Miley Cyrus' Apology For Her Controversial Comments About Hip-Hop Acknowledge Her Privilege
Miley Cyrus just owned up to her privilege in the music industry. The "Mother's Daughter" singer, who dropped her new (albeit short) EP She Is Coming on May 31, responded to the continued criticism of her past comments about hip-hop in a way that lots of other white artists could learn from. Miley Cyrus' apology for her controversial comments about hip-hop came in the form of a YouTube comment on YouTube user Kenya Wilson's channel.
Wilson posted a nearly 30-minute video breaking down why Cyrus is her "problematic fav" (the video is titled "Miley Cyrus Is My Problematic Fav...Sorry"). In the video, Wilson talks about how Cyrus ushered in a new era of pop music with her 2013 Bangerz album. She spends a long portion of the video unpacking the justified criticism around Cyrus' racially insensitive comments made in a Billboard interview around the time of release of her Younger Now album. In that interview, Cyrus said she wasn't into hip-hop music anymore.
“But I also love that new Kendrick [Lamar] song [‘Humble’]: ‘Show me somethin’ natural like a** with some stretch marks.’ I love that because it’s not ‘Come sit on my d*ck, suck on my c*ck.' I can’t listen to that anymore," Cyrus told the outlet. "That’s what pushed me out of the hip-hop scene a little. It was too much ‘Lamborghini, got my Rolex, got a girl on my c*ck‘ — I am so not that.”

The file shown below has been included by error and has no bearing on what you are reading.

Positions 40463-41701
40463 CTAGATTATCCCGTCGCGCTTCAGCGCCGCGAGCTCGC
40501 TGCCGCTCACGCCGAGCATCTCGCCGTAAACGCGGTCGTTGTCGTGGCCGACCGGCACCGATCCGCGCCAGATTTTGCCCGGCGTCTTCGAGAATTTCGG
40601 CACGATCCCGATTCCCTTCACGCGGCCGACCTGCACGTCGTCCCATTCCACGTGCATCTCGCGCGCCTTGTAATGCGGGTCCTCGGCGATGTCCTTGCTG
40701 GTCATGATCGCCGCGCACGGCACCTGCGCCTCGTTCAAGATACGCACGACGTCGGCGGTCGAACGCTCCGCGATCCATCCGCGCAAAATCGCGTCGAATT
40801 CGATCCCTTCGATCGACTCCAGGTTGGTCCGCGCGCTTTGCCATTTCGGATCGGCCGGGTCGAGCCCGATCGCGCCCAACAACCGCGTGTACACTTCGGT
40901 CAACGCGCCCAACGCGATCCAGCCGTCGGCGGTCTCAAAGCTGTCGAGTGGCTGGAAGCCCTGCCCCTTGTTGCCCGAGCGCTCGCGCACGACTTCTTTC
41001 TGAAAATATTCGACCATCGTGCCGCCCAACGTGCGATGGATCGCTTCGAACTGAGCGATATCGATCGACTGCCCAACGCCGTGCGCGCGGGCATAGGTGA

This drew criticism from people. They felt that Cyrus had no issue using hip-hop to her advantage when creating and promoting Bangerz, but by 2017, she was trying to distance herself from a genre of music she previously benefitted from. To hear her say she didn't like hip-hop anymore struck many hip-hop fans as disingenuous, and fueled the ongoing criticism that her Bangerz era image was appropriating black culture.
Now, Cyrus is somewhat dipping her toes back into her Bangerz-era sound with She Is Coming, which has, no doubt, made her rethink some of her past comments.
Cyrus ended up responding to the backlash saying her intentions were misinterpreted and that she only has stopped listening to a certain kind of hip-hop music.
That backlash, although it has quieted over the last few years, follows her still. And now, she has apologized in full for the comments in the Billboard interview.
Cyrus posted her response directly in the comments section of Wilson's video.
“Just watched your video. Thank you for giving me this opportunity to speak up,” she said in her comment.
Being silent is not like me at all. I am aware of my platform and have always used it the best way I know how and to shine a light on injustice. I want to start with saying I am sorry. I own the fact that saying … ‘This pushed me out of the hip hop scene a little’ was insensitive as it is a privilege to have the ability to dip in and out of ‘the scene.’
Her comment continued,
There are decades of inequality that I am aware of, but still have a lot [to] learn about. Silence is apart of the problem and I refuse to be quiet anymore. My words became a divider in a time where togetherness and unity is crucial. I can not change what I said at that time, but I can say I am deeply sorry for the disconnect my words caused. Simply said; I f*cked up and I sincerely apologize. I’m committed to using my voice for healing, change, and standing up for what’s right.
Wilson responded to Cyrus' comment saying, "Miley Cyrus OMG I AM DREAMING. I know your heart that was point of my video to highlight that u on several occasions have spoken up for what is right. Thank you for hearing me out."
Cyrus made the right move by owning the comments and unequivocally saying they were wrong for her to make.